Esta carta para a School Board do Kansas sugere outras teorias para ensinar juntamente com “Intelligent Design” (creacionismo fantasiado de ciência). Vale a pena ler a carta inteira e aprender mais sobre o Flying Spaghetti Monster.
I’m sure you now realize how important it is that your students are taught this alternate theory. It is absolutely imperative that they realize that observable evidence is at the discretion of a Flying Spaghetti Monster. Furthermore, it is disrespectful to teach our beliefs without wearing His chosen outfit, which of course is full pirate regalia. I cannot stress the importance of this, and unfortunately cannot describe in detail why this must be done as I fear this letter is already becoming to long. The concise explanation is that He becomes angry if we don’t.
David Sedaris está na New Yorker dessa semana: Turbulence – When it’s time to change your seat.
Este sítio está recheado de kultura.
Quase passei mal de tanta vontade ao ler este relato de uma visita a uma loja de chocolates em Firenze: I have seen God in a cup of chocolate.
I don’t hardly eat sugar, and I practically never eat dessert, but last night, Ben Hammersley took me to Hemingway’s, a chocolate joint in Florence, Italy. I have never, ever tasted anything remotely as good as the things I tasted last night. I ate so much chocolate that I sweated it all night. It was completely worth it. (…)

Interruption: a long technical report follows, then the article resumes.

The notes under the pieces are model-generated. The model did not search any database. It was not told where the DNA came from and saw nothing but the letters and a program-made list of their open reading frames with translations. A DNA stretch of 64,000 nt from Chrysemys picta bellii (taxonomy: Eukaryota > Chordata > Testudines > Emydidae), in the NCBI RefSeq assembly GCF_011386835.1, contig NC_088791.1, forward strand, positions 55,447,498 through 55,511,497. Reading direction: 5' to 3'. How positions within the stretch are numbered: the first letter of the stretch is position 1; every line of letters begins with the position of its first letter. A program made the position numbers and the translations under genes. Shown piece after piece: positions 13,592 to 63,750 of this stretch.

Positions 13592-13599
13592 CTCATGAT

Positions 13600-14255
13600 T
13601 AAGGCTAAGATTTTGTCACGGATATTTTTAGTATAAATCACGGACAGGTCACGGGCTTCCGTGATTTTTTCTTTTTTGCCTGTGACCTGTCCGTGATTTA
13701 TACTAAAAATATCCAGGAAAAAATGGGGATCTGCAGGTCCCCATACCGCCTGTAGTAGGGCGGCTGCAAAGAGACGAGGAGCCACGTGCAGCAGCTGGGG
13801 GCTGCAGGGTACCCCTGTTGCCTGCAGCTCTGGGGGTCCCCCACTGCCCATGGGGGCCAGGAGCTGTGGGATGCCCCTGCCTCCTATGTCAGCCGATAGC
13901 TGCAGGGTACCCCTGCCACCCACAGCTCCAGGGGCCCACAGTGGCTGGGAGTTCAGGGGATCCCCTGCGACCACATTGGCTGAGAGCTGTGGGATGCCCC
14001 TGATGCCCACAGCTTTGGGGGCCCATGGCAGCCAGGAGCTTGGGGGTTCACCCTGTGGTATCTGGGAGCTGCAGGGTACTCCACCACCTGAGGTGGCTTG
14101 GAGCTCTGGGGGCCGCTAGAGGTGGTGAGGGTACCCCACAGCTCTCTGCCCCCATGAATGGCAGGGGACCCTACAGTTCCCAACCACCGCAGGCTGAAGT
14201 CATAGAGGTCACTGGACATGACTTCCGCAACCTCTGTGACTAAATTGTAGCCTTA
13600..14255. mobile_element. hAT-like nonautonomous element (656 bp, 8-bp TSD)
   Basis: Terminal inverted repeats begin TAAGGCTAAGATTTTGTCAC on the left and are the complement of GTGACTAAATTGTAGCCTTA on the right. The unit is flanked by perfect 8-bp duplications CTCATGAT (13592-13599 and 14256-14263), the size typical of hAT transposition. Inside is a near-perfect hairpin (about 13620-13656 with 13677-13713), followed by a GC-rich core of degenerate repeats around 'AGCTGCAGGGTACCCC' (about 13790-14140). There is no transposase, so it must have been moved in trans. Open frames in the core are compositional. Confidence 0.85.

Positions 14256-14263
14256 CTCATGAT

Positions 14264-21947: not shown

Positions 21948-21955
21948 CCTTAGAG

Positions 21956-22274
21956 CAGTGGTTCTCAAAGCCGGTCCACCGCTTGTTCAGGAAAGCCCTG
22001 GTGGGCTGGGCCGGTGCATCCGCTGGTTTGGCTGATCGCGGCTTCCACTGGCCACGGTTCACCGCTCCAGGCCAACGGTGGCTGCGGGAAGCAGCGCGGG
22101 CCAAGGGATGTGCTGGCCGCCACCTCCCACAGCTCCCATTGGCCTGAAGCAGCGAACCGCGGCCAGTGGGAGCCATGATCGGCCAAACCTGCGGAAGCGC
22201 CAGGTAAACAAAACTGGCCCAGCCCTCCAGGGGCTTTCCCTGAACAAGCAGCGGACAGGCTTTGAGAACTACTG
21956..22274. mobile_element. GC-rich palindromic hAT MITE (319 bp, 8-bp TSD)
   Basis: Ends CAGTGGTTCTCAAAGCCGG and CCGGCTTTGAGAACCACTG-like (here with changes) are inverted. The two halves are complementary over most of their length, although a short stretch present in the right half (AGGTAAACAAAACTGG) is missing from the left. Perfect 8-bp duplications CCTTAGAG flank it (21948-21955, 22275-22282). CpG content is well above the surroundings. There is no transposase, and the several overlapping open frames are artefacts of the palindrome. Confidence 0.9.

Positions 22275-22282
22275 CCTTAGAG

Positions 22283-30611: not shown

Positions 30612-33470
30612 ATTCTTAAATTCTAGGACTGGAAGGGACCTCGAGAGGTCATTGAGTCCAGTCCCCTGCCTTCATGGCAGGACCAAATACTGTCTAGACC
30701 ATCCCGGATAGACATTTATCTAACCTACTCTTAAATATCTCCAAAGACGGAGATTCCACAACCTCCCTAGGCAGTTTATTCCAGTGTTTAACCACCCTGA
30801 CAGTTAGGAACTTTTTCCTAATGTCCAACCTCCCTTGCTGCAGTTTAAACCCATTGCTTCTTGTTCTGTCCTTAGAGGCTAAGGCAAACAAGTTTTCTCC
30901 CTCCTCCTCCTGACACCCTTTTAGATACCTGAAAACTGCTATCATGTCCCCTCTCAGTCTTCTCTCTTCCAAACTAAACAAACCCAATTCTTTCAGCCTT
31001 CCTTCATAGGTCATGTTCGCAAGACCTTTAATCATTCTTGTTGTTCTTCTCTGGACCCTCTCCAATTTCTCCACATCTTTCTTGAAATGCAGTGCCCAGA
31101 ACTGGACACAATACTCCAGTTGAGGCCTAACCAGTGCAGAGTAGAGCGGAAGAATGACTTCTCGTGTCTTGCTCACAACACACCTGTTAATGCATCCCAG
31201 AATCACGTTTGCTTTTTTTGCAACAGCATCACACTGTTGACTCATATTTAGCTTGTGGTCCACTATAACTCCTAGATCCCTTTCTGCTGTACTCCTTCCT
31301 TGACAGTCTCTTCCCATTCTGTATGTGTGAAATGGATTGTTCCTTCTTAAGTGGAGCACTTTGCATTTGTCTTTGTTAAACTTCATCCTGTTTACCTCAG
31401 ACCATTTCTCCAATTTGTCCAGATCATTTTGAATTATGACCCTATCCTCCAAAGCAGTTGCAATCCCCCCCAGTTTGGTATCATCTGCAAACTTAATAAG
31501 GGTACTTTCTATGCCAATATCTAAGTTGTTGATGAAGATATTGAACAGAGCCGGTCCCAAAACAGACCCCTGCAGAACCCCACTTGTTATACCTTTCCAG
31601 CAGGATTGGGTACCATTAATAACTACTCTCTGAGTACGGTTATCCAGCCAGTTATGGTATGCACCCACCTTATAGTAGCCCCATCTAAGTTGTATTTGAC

There were many delicious things on offer at Hemingway’s, but two were so good as to be life-changing. The first was a flourless, eggless dark chocolate torte, which had the consistency of the inside of a truffle and was served slightly chilled. Every mouthful of this made me feel like something important in my mouth was bursting. There were medieval princes who spent lifetimes searching for experiences that did this sort of thing to your sensory apparatus. Whatever they found was nothing so good as this.
But the very best was their Mexican-style drinking chocolate, called the Montezuma, a viscous drink made with very bitter chocolate, seasoned with chillies, aged Cuban rum (I don’t drink, either, but I had two of these), and cinnamon and nutmeg. The longer I held sips of Montezuma in my mouth, the more flavors and subtleties I discovered. The chillies suffused my sinuses and the rum made my whole abdomen glow gently, like banked coals. This was, without a doubt, the best thing I ever tasted, and possibly the best sensation I’ve ever experienced. I’ve seen people in religious ecstasy. That’s what this felt like. (…)